Primo Levi cytaty

Primo Levi Fotografia
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Primo Levi

Data urodzenia: 31. Lipiec 1919
Data zgonu: 11. Kwiecień 1987

Reklama

Primo Levi – pisarz i chemik włoski pochodzenia żydowskiego.

Cytaty Primo Levi

„Doskonałość należy do zdarzeń, o których się opowiada, a nie tych, którymi się żyje.“

— Primo Levi
Źródło: [http://mbc. malopolska. pl/dlibra/docmetadata? id=61184 Dr Müller], „Przekrój”, nr 3/2639, 21 stycznia 1996, s. 22, tłum. Wojciech Kocołowski.

Reklama

„The trade of chemist (fortified, in my case, by the experience of Auschwitz), teaches you to overcome, indeed to ignore, certain revulsions that are neither necessary or congenital: matter is matter, neither noble nor vile, infinitely transformable, and its proximate origin is of no importance whatsoever.“

— Primo Levi
Context: The trade of chemist (fortified, in my case, by the experience of Auschwitz), teaches you to overcome, indeed to ignore, certain revulsions that are neither necessary or congenital: matter is matter, neither noble nor vile, infinitely transformable, and its proximate origin is of no importance whatsoever. Nitrogen is nitrogen, it passes miraculously from the air into plants, from these into animals, and from animals into us; when its function in our body is exhausted, we eliminate it, but it still remains nitrogen, aseptic, innocent. "Nitrogen"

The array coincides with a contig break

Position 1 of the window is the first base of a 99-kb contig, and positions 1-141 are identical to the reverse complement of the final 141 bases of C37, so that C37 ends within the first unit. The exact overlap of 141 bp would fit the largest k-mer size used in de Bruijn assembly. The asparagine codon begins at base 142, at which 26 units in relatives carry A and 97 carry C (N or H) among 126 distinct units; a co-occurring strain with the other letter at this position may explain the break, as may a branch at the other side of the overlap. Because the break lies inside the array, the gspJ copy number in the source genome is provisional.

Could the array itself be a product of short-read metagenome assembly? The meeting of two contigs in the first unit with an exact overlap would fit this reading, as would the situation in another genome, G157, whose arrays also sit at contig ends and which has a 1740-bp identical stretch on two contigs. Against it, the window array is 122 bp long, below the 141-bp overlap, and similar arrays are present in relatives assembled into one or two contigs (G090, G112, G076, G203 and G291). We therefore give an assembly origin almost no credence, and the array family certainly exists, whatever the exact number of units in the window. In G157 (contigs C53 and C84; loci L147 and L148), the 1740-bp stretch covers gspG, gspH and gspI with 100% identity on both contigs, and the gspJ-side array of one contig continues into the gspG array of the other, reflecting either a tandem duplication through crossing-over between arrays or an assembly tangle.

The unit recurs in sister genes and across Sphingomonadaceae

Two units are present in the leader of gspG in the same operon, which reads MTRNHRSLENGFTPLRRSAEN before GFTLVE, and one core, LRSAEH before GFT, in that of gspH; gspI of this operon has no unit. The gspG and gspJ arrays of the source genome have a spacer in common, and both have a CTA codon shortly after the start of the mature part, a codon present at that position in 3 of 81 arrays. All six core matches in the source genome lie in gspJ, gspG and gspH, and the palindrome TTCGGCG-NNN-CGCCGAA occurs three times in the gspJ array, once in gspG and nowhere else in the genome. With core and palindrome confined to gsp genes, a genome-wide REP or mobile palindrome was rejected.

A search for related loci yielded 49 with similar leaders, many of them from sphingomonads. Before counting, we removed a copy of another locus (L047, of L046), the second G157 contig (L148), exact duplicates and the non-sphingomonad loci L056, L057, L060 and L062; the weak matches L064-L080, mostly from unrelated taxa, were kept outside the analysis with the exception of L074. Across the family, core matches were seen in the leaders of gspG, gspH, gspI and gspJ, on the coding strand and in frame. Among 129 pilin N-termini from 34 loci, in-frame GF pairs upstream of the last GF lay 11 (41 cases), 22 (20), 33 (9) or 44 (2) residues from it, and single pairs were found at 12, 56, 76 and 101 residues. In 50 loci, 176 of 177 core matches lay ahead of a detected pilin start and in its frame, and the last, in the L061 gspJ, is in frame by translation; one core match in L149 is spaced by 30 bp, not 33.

„Translation is difficult work because the barriers between languages are higher than is generally thought … knowing how to avoid the traps is not enough to make a good translator.“

— Primo Levi